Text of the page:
Reveals SARS-CoV-2 was detected in 205 patients at multiple sites with lower respiratory tract samples, importantly the RNA virus has been detected in feces which imply SARS-CoV-2 may be transmitted by the fecal route. A small percentage of blood samples had positive PCR test results, suggesting that infection sometimes may be systemic. Transmission of the virus by respiratory and extra respiratory routes may help explain the rapid spread of disease. In addition, testing of specimens from multiple sites may improve the sensitivity and reduce false-negative test results. Two smaller studies reported the presence of SARS-CoV-2 in anal or oral swabs and blood from 16 patients in Hubei Province, 3 and viral load in throat swabs and sputum from17 confirmed cases.

Retrospectively identified a convenience sample of patients admitted to Beijing Ditan Hospital, Capital Medical University, with a diagnosis of COVID-19 and paired RT-qPCR testing of pharyngeal swabs with either sputum or feces samples. A diagnosis of COVID-19 required at least 2 RT-qPCR–positive pharyngeal swabs, and patients underwent treatments as well as initial and follow-up testing of pharyngeal, sputum, or fecal samples at the discretion of treating clinicians. Hospital discharge required meeting four criteria: afebrile for more than 3 days, resolution of respiratory symptoms, substantial improvement of chest computed tomographic findings, and two consecutive negative RTqPCR tests for SARS-CoV-2 in respiratory samples obtained at least 24 hours apart [13]. We report the findings of patients with at least one initial or follow-up RT-qPCR positive sputum or fecal sample obtained within 24 hours of a follow-up negative. RT-qPCR pharyngeal sample. The RT-qPCR assay targeted the open reading frame 1ab (ORF1ab) region and nucleoprotein (N) gene with a negative control. A cycle threshold value of 37 or less was interpreted as positive for SARS-CoV-2, according to Chinese national guidelines. Among 133 patients admitted with COVID-19 from 20 January to 27 February 2020, we identified 22 with an initial or follow-up positive sputum or fecal samples paired with a follow-up negative pharyngeal sample. Of these patients, 18 were aged 15–65 years, and 4 were children; 14 were male; and 11 had a history of either travel to or exposure to an individual returning from Hubei Province in the past month. Fever was the most common initial onset symptom.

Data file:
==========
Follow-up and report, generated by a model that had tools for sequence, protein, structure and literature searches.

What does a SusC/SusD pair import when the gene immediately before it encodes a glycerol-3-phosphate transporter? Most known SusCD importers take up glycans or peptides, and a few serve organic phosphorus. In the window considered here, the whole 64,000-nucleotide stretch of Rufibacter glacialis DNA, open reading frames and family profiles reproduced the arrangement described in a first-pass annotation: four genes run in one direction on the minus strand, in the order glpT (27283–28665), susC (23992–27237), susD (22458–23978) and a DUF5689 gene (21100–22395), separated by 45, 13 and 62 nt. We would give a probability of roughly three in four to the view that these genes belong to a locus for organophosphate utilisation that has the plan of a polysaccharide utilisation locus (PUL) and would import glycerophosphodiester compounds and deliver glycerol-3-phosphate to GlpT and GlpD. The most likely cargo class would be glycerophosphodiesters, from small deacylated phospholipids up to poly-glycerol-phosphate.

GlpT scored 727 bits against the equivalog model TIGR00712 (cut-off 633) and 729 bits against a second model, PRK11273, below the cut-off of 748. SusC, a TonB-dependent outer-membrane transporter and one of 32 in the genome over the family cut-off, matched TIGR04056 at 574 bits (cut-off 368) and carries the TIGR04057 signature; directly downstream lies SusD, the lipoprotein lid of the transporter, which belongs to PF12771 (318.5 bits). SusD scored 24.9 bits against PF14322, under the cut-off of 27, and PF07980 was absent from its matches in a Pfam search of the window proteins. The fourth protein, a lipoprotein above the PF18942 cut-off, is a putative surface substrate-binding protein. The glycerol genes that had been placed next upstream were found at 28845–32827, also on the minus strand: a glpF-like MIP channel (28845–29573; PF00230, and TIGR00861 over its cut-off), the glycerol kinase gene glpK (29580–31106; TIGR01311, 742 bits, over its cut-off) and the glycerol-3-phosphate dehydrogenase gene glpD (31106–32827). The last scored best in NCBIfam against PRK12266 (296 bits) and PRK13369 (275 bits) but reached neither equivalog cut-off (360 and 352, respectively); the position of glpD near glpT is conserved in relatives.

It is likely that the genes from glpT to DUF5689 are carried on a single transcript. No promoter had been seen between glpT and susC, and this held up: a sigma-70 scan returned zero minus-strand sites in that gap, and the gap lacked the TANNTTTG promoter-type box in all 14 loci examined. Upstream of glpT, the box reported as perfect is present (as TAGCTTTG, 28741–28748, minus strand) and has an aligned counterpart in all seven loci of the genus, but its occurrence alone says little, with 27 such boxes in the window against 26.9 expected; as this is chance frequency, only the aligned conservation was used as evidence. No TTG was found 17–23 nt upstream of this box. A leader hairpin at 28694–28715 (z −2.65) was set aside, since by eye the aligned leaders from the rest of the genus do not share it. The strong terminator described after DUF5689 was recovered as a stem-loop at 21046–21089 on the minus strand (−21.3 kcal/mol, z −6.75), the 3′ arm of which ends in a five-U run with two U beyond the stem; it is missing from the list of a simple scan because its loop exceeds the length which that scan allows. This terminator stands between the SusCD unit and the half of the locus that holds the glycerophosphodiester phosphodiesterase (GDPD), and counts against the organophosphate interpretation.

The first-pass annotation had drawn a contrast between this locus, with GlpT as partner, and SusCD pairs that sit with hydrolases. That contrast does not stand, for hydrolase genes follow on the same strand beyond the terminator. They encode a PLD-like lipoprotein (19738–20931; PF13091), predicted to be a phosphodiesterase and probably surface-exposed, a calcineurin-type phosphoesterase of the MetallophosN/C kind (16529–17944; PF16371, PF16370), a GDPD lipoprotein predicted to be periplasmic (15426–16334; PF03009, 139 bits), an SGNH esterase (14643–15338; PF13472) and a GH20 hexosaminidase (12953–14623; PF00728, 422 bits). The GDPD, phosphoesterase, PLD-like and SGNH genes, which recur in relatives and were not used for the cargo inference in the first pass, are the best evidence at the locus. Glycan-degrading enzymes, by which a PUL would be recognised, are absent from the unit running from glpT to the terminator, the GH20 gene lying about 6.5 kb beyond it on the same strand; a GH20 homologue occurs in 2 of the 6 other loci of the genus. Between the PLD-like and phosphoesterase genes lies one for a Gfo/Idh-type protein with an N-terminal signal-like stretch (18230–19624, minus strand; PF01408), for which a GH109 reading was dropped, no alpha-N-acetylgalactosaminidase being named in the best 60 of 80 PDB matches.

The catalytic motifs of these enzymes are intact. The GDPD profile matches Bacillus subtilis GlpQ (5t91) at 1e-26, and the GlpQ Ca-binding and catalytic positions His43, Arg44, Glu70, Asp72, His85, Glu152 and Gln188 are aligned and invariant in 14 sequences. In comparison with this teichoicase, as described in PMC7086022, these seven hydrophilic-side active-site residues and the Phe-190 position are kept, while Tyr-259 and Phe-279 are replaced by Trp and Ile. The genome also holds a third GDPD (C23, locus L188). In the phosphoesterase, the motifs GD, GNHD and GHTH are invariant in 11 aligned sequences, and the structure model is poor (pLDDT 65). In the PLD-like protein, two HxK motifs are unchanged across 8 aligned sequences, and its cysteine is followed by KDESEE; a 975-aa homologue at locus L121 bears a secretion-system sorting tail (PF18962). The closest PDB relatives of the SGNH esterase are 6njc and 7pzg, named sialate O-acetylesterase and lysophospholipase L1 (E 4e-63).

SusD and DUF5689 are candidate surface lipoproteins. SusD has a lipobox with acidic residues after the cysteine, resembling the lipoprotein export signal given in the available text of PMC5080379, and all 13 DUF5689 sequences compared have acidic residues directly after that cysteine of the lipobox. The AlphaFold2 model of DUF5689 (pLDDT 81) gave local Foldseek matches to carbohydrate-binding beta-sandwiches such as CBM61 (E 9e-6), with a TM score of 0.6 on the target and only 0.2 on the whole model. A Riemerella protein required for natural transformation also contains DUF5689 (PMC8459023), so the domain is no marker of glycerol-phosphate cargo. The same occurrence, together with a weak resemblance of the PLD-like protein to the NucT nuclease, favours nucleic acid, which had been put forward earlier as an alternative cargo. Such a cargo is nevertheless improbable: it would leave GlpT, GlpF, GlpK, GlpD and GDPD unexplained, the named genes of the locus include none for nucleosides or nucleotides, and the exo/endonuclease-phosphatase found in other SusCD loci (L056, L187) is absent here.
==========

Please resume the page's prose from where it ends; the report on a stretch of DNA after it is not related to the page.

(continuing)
5. Clinical characteristics, complications and clinical outcomes